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Presse,présentation, analyse des romans, articles, interviews littéraires


Magnifique recension de Vikki Heaven sur Ink in the blood

Publié par Stéphanie Hochet sur 7 Février 2016, 15:24pm

Un nouvel article sur Ink in the blood (éditions Dedalus) signé Vikki Heaven. Merci à elle pour cette magnifique recension.

"This beautiful little novella came to my attention when I read of review of it by Nicholas Lezard in The Guardian. I knew I wanted to read it; and my word how right I was. This is the first of Hochet’s work to be translated into English, and a masterful translation it is. There is the old adage that something is always lost in translation, but ‘Ink in the Blood’ does not read like something is missing by it not being in the original French. In fact, it reads very much like many other French novelists: deeply existential and darkly philosophical. Hochet is a literary great in the making, and this story fits happily on my shelf next to Kafka.

The plot follows the unnamed male narrator on the journey of his first tattoo. Deeply reverent of the tradition, he want to get it right to honour both the art form and his mortal body. Indeed, he knows that if he ever gets a tattoo it will be a masterpiece of tattoo art linked to his deeper Self. While not specifically looking for a tattoo, his vision takes in his surroundings through the lens of tattoo art, seeing the detail and shading fitting to his vocation as an illustrator, but on the deeper level of an art that lasts as long as ones mortal journey.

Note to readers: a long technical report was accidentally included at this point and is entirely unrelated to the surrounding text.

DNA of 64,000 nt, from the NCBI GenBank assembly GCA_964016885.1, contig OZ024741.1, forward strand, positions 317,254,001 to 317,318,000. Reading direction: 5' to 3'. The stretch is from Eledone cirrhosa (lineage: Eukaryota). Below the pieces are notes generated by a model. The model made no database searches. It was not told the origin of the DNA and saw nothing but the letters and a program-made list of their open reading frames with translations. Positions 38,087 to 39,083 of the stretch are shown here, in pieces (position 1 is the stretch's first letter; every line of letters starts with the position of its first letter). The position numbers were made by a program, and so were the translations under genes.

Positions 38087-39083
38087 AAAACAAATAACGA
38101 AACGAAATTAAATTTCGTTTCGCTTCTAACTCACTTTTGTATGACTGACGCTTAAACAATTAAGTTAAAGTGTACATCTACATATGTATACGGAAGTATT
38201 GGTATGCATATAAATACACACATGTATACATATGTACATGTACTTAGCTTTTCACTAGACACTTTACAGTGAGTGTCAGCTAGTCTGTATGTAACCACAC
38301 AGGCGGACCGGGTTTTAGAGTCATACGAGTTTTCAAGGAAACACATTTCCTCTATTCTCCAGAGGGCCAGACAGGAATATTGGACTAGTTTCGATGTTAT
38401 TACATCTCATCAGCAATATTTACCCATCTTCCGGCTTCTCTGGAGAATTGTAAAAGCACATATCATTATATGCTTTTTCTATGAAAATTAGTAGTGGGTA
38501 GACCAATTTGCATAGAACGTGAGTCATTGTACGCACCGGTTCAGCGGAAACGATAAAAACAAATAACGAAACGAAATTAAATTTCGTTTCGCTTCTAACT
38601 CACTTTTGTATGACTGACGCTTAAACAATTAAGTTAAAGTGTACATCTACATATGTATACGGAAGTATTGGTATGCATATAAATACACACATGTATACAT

He chooses a Latin phrase that is perfectly apt to his sensibilities and has one of the top Parisian tattooists (a friend of his named Dimitri) ink him. He revels in his new art, and feels almost religiously marked out, stepping up his usual womanising in order to have his mark revered and adored by as many as possible. However, his tattoo starts to inexplicably fade and, like a boob-job gone bad, he feels humiliated and ashamed by this development. His psyche is damaged by the corruption of that which reflected his mortal presence, he experiences a decent at once as subtle and as absolute as any in the existential canon. The epitaph from Flannery O’Connor is thus absolutely perfect. Written by the slowly dying writer the quote from ‘Parker’s Back’ is at once the perfect subject matter and author to link with ‘Ink in the Blood’, while the affiliation to O’Connor is one that I’m sure will be made with Hochet throughout her career.

The reader may join the narrator in doubting Dmitri, in wondering if his needles or ink have somehow transmitted a blood disease. But the blood disease the narrator is diagnosed with is much more terrible than a dirty-needle infection – leukaemia. The narrator cannot bring himself to say it, or even treat it, and he overlooks any chance of salvation as taint in his blood consumes him.

I was thoroughly wrapt by this short story, and await more from Hochet with all due anticipation.

Rating 10/10. I consumed this book so quickly that the water didn’t even have a chance to cool!"

Review by Vikki Heaven

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